Knowing the right pay rate for sought-after positions in your industry is an important part of remaining competitive. However, when hiring new talent or opening new positions, it can be hard to accurately define compensation. If employees or contract workers believe that their payment is below the industry average, it may cause them to be reluctant to accept the job or cause them to seek employment elsewhere. Thus, it is important for hiring managers to familiarize themselves and stay up-to-date on industry pay rates.
Pay rate, also called salary rate or compensation rate, is the amount paid to an individual or a position per period of time or unit of production. When pay rates are compared, this is known as wage or pay comparison. Pay rates may differ for contingent workers and permanent employees, as the latter may receive other benefits as part of their compensation packages.
Why Compare Wages?
Employees and job seekers compare salaries to ensure that they are adequately or competitively compensated for the service that they provide. Knowing the market value of skills and experience can help workers negotiate pay raises with their employers. Contingent workers with highly specialized skills may charge higher rates than permanent workers. When hiring through a staffing agency, there may also be additional third-party fees included in the pay rate.
On the other hand, Human Resource (HR) managers and talent acquisition teams can leverage pay rate comparisons to set employee salaries and payments for contractors. By doing so, companies can ensure that they are offering competitive compensation package or payments that are in line with the industry average.
Finding the Correct Pay Rate
There are numerous methods for finding and comparing pay rates for specific industries and positions. Certain job posting sites actually include salary or hourly wages. A simple search of different positions for hire can provide a fairly accurate comparison of what is currently available. In addition, some job sites provide averages for positions based on existing data. A reliable overview of industry average wages can be found through credible comparison sites. Some of these sites include the Bureau of Labor Statistics, Glassdoor, and Indeed, which enable the employee or hiring manager to search according to industry, position, experience, and/or location.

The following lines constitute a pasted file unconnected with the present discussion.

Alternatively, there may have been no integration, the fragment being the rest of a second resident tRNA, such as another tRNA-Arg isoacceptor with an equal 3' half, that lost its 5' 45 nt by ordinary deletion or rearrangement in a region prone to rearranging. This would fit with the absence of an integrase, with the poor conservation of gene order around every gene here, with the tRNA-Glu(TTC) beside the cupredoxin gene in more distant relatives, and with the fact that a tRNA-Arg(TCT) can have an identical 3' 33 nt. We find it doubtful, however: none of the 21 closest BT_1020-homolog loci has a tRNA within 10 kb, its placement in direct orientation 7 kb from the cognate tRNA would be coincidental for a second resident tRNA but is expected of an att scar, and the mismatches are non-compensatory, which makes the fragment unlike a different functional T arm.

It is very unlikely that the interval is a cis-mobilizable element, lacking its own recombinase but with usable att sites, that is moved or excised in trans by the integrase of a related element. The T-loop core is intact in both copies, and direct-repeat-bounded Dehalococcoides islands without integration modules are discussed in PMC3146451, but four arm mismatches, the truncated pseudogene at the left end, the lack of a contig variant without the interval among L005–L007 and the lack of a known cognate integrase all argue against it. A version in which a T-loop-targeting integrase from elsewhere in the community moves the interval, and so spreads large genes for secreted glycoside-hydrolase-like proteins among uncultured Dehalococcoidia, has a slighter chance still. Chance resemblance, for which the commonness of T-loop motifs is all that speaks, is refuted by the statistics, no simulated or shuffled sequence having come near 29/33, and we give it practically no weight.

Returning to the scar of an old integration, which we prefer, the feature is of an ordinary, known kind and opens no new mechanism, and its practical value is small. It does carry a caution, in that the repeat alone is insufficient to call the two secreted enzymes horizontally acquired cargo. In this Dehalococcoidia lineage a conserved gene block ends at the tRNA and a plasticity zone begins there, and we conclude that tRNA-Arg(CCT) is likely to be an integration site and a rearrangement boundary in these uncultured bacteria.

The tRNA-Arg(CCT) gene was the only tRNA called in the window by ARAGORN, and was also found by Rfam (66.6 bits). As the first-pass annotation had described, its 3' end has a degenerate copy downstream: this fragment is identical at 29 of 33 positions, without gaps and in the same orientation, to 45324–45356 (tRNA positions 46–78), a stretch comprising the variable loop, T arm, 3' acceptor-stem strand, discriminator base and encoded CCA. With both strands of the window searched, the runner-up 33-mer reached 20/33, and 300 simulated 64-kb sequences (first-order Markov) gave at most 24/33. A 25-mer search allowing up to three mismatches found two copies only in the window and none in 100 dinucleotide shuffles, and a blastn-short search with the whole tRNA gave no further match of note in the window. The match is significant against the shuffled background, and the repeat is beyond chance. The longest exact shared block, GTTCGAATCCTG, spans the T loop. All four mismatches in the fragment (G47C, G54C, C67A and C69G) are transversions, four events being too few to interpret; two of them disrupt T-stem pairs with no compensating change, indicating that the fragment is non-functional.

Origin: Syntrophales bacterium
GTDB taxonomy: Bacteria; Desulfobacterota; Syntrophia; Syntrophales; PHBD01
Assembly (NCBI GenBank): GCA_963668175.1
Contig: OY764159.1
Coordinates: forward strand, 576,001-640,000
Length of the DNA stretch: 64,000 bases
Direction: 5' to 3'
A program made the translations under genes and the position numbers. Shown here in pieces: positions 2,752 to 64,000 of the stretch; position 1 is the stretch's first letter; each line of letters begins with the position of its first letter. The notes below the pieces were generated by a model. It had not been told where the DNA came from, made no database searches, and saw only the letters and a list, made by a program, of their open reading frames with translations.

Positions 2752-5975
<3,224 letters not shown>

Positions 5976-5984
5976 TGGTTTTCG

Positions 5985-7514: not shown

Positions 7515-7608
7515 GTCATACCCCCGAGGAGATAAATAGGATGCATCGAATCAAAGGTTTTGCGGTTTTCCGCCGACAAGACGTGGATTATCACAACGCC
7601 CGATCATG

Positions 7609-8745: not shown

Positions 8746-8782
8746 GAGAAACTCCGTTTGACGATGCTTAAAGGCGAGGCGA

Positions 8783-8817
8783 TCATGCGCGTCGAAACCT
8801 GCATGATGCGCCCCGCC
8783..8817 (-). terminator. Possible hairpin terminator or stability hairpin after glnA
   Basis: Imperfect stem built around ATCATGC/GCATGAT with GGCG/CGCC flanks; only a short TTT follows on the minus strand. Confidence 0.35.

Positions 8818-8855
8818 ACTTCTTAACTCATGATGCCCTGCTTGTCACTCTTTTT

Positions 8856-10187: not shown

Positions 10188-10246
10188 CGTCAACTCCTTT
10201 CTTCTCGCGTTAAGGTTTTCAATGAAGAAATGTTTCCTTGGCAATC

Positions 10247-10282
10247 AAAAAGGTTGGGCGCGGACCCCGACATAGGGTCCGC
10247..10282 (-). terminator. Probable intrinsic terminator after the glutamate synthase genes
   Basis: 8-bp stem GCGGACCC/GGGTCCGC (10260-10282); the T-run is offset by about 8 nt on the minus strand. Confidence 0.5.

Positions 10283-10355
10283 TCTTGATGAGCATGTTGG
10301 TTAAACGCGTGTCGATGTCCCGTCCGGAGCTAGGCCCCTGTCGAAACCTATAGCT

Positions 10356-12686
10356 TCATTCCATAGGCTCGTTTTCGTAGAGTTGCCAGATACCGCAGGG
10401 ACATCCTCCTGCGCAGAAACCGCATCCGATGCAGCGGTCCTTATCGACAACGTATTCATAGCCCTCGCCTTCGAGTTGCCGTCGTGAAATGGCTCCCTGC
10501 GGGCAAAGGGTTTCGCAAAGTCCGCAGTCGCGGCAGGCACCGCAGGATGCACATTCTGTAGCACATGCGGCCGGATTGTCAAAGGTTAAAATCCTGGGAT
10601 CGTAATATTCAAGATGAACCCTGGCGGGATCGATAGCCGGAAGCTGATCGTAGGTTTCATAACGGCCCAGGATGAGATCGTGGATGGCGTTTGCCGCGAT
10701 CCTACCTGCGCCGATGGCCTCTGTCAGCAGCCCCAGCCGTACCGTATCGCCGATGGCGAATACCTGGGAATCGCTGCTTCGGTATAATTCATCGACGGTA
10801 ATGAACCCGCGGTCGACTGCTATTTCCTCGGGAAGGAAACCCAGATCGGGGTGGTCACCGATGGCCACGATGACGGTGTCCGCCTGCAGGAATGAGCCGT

While some companies discourage or prohibit the sharing of salary figures, it is actually illegal to do so. The 1935 National Labor Relations Act (NLRA) protects the right of employees to share their income with colleagues. The NLRA encourages practices that are “fundamental to the friendly adjustment of industrial disputes arising out of differences as to wages, hours, or other working conditions, and by restoring equality of bargaining power between employers and employees” (National Labor Relations Board).
Setting Competitive Wages
Managing a hybrid workforce of contingent workers and permanent employees adds another level of complexity. Paying consultants or temporary workers with specialized skills more than your salaried workforce can lead to trust and morale issues. In addition, skills that may have been in demand in the past may now be more abundant. Therefore, it is important to regularly review your vendors and their rates to ensure that you are still paying a competitive rate.
Establishing a pay rate for a new position posting or negotiating with current employees can be a difficult process, especially when considering industry averages and budget. HCMWorks provides HR advisory and talent acquisition services based on cross-industry experience. Acting as an external partner, our team can provide your business with a comprehensive approach to talent sourcing and workforce management. Contact HCMWorks to learn more about how we can help unlock savings in your organization.